Swedish working life underwent major changes in the 1990s, changes that related both to the economic recession and to the ongoing structural transformation of Swedish industry. For many people this has led to more enjoyable jobs with a greater degree of responsibility and more interesting tasks. At the same time, however, the demands imposed on employees and the pace of work have steadily increased. A lot of people cannot keep up. It is difficult to combine a demanding job with family and friends and the time we need to recharge our batteries.
Stress has become our new national disease, and there are many indications that the high pace of work is a major contributing factor. Both men and women should be able to combine work and family life on the same terms and still fit together the various pieces that make up the puzzle of their lives. In order to make this possible, individuals must be given more influence over their working hours and the way work isorganised.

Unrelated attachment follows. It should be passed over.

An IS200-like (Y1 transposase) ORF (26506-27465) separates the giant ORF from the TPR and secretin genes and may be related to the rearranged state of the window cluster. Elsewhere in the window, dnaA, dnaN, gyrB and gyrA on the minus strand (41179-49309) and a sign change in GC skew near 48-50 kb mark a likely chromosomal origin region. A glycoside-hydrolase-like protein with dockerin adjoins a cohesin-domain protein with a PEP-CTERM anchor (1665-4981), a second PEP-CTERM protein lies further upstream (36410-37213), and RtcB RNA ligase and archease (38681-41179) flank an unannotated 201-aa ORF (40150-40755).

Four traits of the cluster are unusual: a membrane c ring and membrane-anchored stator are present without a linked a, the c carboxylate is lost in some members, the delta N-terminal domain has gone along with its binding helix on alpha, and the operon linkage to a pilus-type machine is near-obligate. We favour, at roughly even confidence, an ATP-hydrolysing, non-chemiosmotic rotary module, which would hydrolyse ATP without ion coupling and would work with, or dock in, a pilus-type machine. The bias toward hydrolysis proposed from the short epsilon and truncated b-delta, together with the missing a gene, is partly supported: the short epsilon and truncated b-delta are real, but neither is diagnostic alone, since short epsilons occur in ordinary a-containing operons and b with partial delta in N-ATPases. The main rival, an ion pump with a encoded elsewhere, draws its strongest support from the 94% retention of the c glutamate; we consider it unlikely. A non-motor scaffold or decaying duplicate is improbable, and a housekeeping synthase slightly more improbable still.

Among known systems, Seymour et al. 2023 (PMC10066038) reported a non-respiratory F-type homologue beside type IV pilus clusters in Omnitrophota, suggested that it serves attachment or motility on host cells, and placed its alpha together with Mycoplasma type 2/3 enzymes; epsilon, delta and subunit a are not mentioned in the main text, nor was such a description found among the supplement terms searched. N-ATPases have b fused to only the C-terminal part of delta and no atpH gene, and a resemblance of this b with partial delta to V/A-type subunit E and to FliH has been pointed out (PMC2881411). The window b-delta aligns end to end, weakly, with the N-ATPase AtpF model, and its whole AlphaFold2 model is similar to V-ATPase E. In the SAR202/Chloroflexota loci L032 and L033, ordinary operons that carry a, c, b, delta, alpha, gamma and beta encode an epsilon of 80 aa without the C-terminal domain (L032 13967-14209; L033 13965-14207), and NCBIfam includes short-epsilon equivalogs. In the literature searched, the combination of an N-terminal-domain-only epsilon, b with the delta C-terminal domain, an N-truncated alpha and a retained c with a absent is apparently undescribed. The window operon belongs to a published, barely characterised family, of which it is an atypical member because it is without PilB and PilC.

There is a risk that there will be a shortage of labour in Sweden in a few years time. In this situation, it will only be possible to maintain acceptable levels of growth and welfare if we make it easier and more attractive for older people to go on working. Today, less than half of those in the 60-64 age group work. It must also become easier for people with a foreign background to get jobs that match their competence. Working life must be developed so that everyone’s knowledge and experience is put to good use. The exclusion and elimination of people from the labour market that is so prevalent today represents a tragic waste of resources.